Save the Planet, Work Remotely

Save the Planet, Work Remotely

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Written By Eric Sandler

By Naomi Graychase

March 18, 2008

Aruba and Avaya team up to provide secure enterprise-quality voice and data applications to remote workers–and reduce greenhouse gases while they’re at it.

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Aruba and Avaya team up to provide secure enterprise-quality voice and data applications to remote workers–and reduce greenhouse gases while they’re at it.

Aruba Networks announced today that it has teamed up with Avaya to provide a “green” voice and data access solution for teleworkers. In a press release, Aruba said it was motivated by “the need to reduce CO2 emissions,” as well as market trends that “favor mobile workforces.”

According to Aruba, a telecommuter traveling 45 miles—roughly the distance between San Jose and San Francisco, or Boston and Providence—twice a week, instead of every day, will reduce annual CO2 emissions by roughly 5.5 metric tons (an amount that could also be “offset” with a $66 donation to

“Aruba is a member of the US Green Building Council and our objective is to deliver technology in service not only of end-users, but to be as environmentally-friendly as possible. One way we can help is getting people off the road,” says Mike Tennefoss, Head of Strategic Marketing for Aruba.

Avaya’s clients currently include more than one million businesses worldwide, including 90% of the Fortune 500, which are using Avaya solutions for IP telephony, unified communications, contact centers, and communications-enabled business processes.

“Avaya makes a wide range of IP telephones and other voice and messaging systems,” says Tennefoss. “Their objective [in teaming with us] is to allow you to use the same Avaya equipment when traveling, as you would locally.”

The IP-based solution integrates components of Avaya Connected Teleworker—including IP telephones, Avaya Communication Manager software, and Avaya Modular Messaging servers—with Aruba adaptive wireless LANs. It provides identity-based, follow-me security wherever a teleworker roams, using “an unobtrusively packaged” remote access point—about the size of a couple of decks of cards–that includes an integrated firewall and router, and a centralized management system that can accommodate large workforces.

The enterprise-level security and voice solution is not just for large corporations, however.

“The Remote Access Software works for any size business and with any Aruba access point. It works with all of our controllers, from our smallest—six to ten APs—to the largest enterprise. If you are a retail store and want to set up branch offices, but don’t have IT departments in the field, you can mail the manager an AP and as soon as his or her Internet connection is up and running, he or she can just plug in the AP and they are live online with the corporate data center. They can set up shop with Avaya IP-based phones, etc.”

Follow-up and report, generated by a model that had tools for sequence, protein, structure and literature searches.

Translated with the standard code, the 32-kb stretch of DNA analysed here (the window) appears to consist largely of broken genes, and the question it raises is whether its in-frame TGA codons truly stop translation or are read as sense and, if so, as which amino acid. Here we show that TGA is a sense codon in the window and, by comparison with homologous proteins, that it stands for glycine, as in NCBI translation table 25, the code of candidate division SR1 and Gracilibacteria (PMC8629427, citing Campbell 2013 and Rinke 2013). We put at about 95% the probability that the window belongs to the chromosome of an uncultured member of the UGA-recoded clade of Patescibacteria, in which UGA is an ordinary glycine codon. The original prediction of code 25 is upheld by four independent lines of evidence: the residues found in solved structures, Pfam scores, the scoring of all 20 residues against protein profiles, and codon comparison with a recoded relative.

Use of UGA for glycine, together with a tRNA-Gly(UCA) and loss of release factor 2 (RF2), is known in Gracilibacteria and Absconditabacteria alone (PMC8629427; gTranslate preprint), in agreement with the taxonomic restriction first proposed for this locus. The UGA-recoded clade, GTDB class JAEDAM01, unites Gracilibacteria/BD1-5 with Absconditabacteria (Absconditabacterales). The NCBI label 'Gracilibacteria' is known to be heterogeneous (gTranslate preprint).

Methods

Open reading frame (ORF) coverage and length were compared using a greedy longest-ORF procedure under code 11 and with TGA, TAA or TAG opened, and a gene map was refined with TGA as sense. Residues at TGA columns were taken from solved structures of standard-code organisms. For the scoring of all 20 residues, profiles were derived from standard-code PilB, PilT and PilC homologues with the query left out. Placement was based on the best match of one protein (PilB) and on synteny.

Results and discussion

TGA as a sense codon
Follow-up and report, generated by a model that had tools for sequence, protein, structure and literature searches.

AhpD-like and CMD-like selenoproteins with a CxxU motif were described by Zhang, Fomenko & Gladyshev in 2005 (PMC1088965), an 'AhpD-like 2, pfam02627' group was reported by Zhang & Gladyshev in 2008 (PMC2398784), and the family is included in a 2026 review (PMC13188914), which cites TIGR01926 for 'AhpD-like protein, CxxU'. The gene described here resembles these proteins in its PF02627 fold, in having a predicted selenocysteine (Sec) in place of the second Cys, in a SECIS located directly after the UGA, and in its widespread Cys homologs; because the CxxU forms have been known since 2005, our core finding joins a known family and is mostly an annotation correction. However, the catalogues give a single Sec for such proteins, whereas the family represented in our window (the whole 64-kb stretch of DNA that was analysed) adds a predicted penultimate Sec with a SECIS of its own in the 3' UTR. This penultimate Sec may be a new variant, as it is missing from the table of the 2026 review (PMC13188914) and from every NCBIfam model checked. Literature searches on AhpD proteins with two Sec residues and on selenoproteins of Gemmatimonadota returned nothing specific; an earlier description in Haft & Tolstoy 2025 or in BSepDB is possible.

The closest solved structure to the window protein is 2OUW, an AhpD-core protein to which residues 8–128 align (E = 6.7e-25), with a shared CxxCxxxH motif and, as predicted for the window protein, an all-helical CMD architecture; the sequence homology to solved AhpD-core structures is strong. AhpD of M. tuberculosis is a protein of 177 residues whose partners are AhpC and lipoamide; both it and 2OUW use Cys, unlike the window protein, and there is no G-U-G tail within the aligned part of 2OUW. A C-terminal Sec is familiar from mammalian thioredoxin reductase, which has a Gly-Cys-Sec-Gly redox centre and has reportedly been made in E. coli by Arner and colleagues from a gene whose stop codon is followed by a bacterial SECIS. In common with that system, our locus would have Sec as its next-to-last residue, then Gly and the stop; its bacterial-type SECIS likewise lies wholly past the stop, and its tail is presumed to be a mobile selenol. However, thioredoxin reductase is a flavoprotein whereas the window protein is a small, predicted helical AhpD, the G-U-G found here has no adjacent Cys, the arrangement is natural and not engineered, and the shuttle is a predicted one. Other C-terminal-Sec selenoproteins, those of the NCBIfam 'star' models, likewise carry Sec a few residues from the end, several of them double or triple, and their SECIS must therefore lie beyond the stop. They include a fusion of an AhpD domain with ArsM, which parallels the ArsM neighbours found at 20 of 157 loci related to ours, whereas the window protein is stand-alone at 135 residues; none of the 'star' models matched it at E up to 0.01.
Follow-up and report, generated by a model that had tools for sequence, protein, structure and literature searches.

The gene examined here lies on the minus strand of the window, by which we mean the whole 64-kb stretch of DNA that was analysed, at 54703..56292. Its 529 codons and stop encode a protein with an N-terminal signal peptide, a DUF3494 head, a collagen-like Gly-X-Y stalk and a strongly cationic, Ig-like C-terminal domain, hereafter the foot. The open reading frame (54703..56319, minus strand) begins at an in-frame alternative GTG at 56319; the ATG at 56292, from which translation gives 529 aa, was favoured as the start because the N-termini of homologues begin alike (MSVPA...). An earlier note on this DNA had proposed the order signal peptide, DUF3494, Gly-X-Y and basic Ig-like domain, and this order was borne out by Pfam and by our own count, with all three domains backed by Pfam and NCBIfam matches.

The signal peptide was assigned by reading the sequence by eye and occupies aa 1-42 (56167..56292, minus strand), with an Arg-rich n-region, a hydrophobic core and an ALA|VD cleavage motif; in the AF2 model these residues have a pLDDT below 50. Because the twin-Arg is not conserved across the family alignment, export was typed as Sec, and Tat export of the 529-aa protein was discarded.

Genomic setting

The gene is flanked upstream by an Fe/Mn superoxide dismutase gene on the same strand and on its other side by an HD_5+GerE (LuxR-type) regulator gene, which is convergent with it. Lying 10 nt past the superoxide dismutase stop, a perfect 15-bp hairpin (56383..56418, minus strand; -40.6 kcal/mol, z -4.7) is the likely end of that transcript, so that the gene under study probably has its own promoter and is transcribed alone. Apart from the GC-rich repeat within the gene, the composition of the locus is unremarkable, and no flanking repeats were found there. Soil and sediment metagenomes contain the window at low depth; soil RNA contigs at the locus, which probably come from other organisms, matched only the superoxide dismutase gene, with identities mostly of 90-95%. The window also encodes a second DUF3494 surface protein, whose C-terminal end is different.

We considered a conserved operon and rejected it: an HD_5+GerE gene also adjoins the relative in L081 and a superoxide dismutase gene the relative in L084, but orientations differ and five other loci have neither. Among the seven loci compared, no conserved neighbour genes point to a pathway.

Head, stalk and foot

Aruba is a member of the Avaya DevConnect program—“an initiative to develop, market, and sell innovative third-party products that interoperate with Avaya technology and extend the value of a company’s investment in its network.”

“We are Avaya interoperability-certified,” says Tennefoss. “DevConnect is a rigorous set of tests. If our system was difficult to set up or incompatible, we wouldn’t have passed.”

RAPn with Wi-iFi Planet.jpg

Among the products that have been rated compliant by Avaya is Aruba’s Remote Access Point software, which can be loaded on any Aruba access point. The Remote Access Point provides a secure connection back to the enterprise without requiring a client to be installed on a laptop or other Wi-Fi-enabled device. It features a built-in firewall and a split-tunneling router. Users connect the access point to any wide area network (WAN) and the software—configured by the IT department before the AP was distributed to the user—will automatically find the primary or back-up enterprise data center, establish a secure link, and start delivering applications.

“Remote Access Point software, loaded into any Aruba access point, converts it into a remote connection solution. It enables the AP to roam over the Internet and find the primary or backup data centers that the enterprise has set up. And then it will set up an IPsec tunnel, the kind of security that a VPN provides, a secure tunnel from that data center to that access point,” says Tennefoss.

All Avaya wired or wireless IP phones work with the Aruba Remote Access Point.

“The point of the remote access software—and there’s nothing like it on the market today—is to bring the enterprise desktop experience to you wherever you are with the same level of security and convenience. There’s no software on your laptop or dual-mode phone or PDA. Everything is handled for you,” says Tennefoss.

The teleworker solution is available for immediate deployment, and has been tested for interoperability under both Avaya’s DevConnect program and Aruba’s technology partnership program.

Naomi Graychase is Managing Editor at

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